Should the Chief Marketing Officer (CMO) be concerned about HR creating “brand terrorists”?

In this global recession, when millions have lost their jobs and are seeking new employment, how many times have you heard the complaint that people apply online for a job with a reputable global company and never hear back? They go to the website, submit their resume and it disappears into the bowels of the corporation with no way to track it or follow up on it. You are at the mercy of the global HR system!

Most job applicants in this situation react the same way as consumers who have become disillusioned and frustrated by poor service or failing products. Understandably, they do not hesitate to tell family and friends about their frustrating experience. Worse, in these days of social networking, they are sharing this experience in online networking groups. This paragraph should be sending shivers down the spine of any CMO reading it!

Most HR functions will argue that they are inundated with applications and have too few resources to respond. Contrast this, however, with the challenges that most CMO’s are facing in this depressed economy. Traditional marketing tools fail to deliver and CMO’s struggle to engage with influential consumers in key social networking groups.

Most social networking and media research indicates that peer recommended brands will be those that succeed in the future. This should be a time when Marketing joins sides with HR to ensure that they are fighting the same battle and not inadvertently creating “brand terrorists” of the future.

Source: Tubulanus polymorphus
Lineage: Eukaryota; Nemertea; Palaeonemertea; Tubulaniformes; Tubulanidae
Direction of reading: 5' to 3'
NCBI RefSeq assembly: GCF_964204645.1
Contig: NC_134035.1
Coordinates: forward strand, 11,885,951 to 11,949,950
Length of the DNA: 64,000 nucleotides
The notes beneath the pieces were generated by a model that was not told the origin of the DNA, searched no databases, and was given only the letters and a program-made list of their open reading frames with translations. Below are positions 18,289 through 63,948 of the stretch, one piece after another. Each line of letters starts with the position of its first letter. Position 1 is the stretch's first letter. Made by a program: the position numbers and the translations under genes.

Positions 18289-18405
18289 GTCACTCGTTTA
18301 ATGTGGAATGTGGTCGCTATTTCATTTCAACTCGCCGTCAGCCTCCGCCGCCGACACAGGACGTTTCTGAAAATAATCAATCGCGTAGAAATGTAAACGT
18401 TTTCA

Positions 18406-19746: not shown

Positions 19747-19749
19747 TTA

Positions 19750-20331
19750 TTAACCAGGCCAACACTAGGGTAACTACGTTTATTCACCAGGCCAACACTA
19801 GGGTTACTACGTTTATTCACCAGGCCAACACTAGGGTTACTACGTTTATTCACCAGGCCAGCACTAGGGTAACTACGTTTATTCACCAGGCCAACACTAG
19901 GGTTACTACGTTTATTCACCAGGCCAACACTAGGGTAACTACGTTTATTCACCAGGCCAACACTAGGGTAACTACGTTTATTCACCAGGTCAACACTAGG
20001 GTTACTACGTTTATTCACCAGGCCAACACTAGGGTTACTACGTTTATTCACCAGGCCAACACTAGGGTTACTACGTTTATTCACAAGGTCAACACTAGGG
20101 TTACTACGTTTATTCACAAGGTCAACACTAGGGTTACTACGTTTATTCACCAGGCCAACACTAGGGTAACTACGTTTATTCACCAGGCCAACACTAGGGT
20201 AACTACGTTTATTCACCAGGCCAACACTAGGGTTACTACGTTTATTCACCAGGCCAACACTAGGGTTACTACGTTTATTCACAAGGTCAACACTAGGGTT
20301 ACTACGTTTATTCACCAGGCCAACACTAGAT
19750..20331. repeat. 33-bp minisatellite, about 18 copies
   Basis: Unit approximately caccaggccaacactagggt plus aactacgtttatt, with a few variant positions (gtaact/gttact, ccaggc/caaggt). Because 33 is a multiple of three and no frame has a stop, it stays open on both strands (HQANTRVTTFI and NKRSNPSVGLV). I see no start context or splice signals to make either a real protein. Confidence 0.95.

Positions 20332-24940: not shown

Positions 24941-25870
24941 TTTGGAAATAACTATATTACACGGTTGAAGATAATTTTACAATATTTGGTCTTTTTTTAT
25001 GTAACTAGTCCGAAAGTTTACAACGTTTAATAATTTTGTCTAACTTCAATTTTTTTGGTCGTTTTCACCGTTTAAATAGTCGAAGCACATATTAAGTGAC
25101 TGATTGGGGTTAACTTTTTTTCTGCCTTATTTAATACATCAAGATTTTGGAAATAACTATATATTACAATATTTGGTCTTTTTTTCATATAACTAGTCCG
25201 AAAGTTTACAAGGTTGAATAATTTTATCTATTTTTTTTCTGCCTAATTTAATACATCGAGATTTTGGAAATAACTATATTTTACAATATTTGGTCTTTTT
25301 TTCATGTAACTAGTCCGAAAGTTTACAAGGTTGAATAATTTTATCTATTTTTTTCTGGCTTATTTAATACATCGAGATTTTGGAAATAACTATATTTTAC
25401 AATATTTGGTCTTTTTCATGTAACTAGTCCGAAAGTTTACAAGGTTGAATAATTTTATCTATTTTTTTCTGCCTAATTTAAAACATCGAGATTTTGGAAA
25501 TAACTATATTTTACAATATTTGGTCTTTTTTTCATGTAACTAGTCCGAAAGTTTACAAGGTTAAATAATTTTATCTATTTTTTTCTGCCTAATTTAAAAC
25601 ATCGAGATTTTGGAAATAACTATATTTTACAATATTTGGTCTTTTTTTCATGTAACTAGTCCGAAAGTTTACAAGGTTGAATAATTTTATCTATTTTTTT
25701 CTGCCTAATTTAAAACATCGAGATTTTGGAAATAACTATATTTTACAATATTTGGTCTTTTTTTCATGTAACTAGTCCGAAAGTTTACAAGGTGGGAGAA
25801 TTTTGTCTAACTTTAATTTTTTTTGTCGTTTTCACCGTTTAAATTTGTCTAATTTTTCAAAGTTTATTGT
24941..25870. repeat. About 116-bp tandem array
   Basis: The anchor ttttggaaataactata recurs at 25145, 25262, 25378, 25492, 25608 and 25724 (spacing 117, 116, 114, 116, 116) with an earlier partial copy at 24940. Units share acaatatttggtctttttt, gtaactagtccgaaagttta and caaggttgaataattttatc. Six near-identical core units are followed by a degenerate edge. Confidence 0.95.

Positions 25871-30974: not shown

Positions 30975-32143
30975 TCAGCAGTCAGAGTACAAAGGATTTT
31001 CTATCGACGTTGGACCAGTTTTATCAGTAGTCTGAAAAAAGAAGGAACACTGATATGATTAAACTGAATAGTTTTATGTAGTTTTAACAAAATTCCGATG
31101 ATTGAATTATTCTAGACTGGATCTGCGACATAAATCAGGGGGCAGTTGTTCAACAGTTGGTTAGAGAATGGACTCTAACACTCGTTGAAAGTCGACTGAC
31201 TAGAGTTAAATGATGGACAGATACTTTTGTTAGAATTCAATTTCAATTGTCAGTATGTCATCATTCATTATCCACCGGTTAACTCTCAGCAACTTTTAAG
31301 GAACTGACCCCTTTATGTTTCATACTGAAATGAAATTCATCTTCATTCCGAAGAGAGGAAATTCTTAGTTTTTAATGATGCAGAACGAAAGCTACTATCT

Anonymous says:

Spot on Steve. But HR and Marketing Depts need to talk to each other first!

But then, that is all part of corporate leadership, isn’t it?

Jeremy Thorn

Paul Seligman says:

Any professional involed in recruitment should understand that there are marketing implications at every stage, with candidates and with agencies. Todays’s rejected candidate may be tomorrow’s potential customer, so make sure they feel fairly treated and leave with a good impression.

Numerous major companies provide feedback email addresses and either ignore your commente altogether, or send a completely bland and unsatisfactory reply. This is just an extension of that problem.

To be even more generic – good manners are still necessary in the Internet age.

Tim Thexton says:

Back in the days of newspaper job ads, the connection between marketing and HR was well understood. Every job ad was an opportunity to put out the corporate message.

This has not changed with the internet, but asking for unsolicited CV’s/applications with no mechanism to reply to them or deal with them in a satisfying manner for the sender is a failure to consider the implications. If HR is so inundated that they cannot reply, it begs the question if they read the CV’s in the first place. It is doubtful. In most cases, it is highly likely the web page was put there in a time of euphoric hiring, but falls in the category today of badly maintained web content.

If there is no active interest in the applications or CV’s then kill the content. The brand must come above other considerations. It is, after all, the value of the company. Not taking care of its promotion and respecting it is, at worst, sabotage, at best, gross negligence.

It behooves the CMO to keep the brand protected at all times. Brand terrorist always existed, they now have a bigger “ear” than before. Bigger damage happens faster.

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